The prevalence of short sleep duration was 11.6% in our study, which is much higher compared to other countries such as the United Kingdom (10.1%), Sweden (4.7%), Norway (5.6%), and Netherland (0.8%) [13]. In contrast, long sleep duration is more prevalent in developed countries such as the United Kingdom (25.5%), Sweden (30.1%), Norway (26.3%), and Netherland (25.7%) compared to our study (21.9%). The prevalence of short sleep duration was reported to be 33.8% in Saudi Arabia by Ahmed et al. (2017). Mean sleep time was 6.4 h in their study [35]. It seems that sleep duration is shorter in developing countries compared to developed countries. There are differences between socioeconomic status and peoples’ lifestyles in these countries. We found that worse economic status and lower educational level are related to longer sleep duration in our study. Vicky et al. (2018) found that an educational level of less than secondary school is related to long sleep duration among adults (OR = 3.25, 95% CI = 9.04). Low household income was also related to long sleep duration among pre-school kids (OR = 2.59, CI = 1.12–5.65) [36]. In contrast, Felden et al. (2015) reported that poor socioeconomic status is related to shorter sleep durations and worse sleep quality [37]. Considering these findings, different lifestyles in developed and developing countries may contribute more to people’s longer sleep duration as lower socioeconomic status is not necessarily related to short sleep duration.

The prevalence of long sleep duration is relatively high in Ravansar, indicating a need for interventions for high-risk populations. Living in rural areas, lower educational level, lower wealth score index were related to long sleep duration in our study. This finding is supported by previous studies in other populations, as poor socioeconomic status and lower educational levels were associated with long sleep duration [17, 38, 39]. There is a reverse association between sleep duration and waking activities, and more activities by those with better socioeconomic status and more educated people. Their possibly more efforts for educational and career developments and achievements may explain the lower prevalence of long sleep duration in these groups [38, 40]. Lifestyle and factors associated with occupational and economic activities may be reasons explaining the longer sleep duration in people living in rural areas [39]. In total, people with lower socioeconomic status and those living in rural areas can be targeted for interventions designed to reduce the prevalence of long sleep duration.

Female gender was associated with both short or long sleep durations in our study. Various studies indicate different results regarding the propensity of the female gender to short and long sleep duration [14, 41]. However, in this cohort, the studied population share cultural and behavioral issues that may lead to the same phenotype for a specific risk factor; association of female gender with both long and short sleep duration may be due to heterogeneity in several risk factors that we have not evaluated yet in this population. Certain behaviors or cultural beliefs among women that lead to different sleep durations might be the cause. There is a need for further studies on this issue; however, whatever the cause is, females may benefit from interventions to improve sleep duration.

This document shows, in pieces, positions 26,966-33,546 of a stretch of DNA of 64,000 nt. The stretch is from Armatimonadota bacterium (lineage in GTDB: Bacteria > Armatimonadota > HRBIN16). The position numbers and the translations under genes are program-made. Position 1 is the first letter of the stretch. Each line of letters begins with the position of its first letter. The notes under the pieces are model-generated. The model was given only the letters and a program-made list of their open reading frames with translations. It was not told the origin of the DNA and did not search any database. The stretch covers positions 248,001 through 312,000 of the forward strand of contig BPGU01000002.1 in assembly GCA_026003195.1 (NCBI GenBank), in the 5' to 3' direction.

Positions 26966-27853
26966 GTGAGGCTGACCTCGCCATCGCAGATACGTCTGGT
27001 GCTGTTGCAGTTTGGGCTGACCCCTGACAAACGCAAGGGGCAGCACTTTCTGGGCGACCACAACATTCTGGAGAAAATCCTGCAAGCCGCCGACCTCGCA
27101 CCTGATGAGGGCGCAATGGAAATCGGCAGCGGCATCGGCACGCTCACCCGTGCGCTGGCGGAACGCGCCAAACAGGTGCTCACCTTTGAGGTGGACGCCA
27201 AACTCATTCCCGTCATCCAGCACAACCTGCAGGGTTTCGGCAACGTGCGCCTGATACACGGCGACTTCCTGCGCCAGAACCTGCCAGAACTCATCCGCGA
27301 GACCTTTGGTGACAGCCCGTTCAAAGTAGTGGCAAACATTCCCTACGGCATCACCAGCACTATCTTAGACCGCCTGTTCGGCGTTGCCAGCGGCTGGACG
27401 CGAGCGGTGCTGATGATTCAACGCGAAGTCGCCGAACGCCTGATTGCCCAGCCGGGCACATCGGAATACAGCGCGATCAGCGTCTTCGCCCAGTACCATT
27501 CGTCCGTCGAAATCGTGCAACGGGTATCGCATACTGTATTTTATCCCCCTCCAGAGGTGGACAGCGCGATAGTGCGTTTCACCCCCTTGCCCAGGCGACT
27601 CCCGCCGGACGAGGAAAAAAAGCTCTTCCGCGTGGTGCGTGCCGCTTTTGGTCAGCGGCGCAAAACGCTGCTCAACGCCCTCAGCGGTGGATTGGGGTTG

We found that different sedentary, such as mobile phone use, and non-sedentary behaviors, such as shift working and higher physical activity levels, are associated with shorter sleep durations. It is suggested in the previous studies that both sedentary and non-sedentary activities may affect sleep opportunities, leading to short sleep duration and its physical and mental consequences [42]. Using a mobile phone for eight hours/day or longer was related to short sleep duration in our study (OR = 1.31, 95% CI = 1.05–1.64). This is in line with Tamura et al.’s study, as using mobile phones for 5 h/day or longer was related to insomnia in their study (OR = 4.27, 95% CI = 1.5–12.16) [43]. Using excessive and bedtime use of the mobile phone is not only related to short sleep duration, but also it can reduce sleep quality and increase alertness near the sleep episode [44]. These findings suggest that increasing usage of mobile phones in communities can seriously affect sleep quality and sleep duration, and there is a need for interventions to change this trend. Mobile phone use is a modifiable risk factor to be a feasible intervention target.

Heavier physical activity among our participants was associated with shorter sleep duration (P < 0.0001). In previous studies, regular and acute exercise was related to longer sleep duration [45], contrary to our findings. Our study’s total physical activity included physical activity during work time, leisure time, and doing sports. Higher physical activity levels in our study may be due to various activities and not only exercise and doing sports. People who have heavier jobs will have higher METs, and they may have less time to sleep and relax. Putting all together, doing sports and exercise can improve sleep duration and quality. However, working for long hours and other types of activity may relate to short sleep duration. Future studies are needed to determine the relationship between different activities and sleep duration.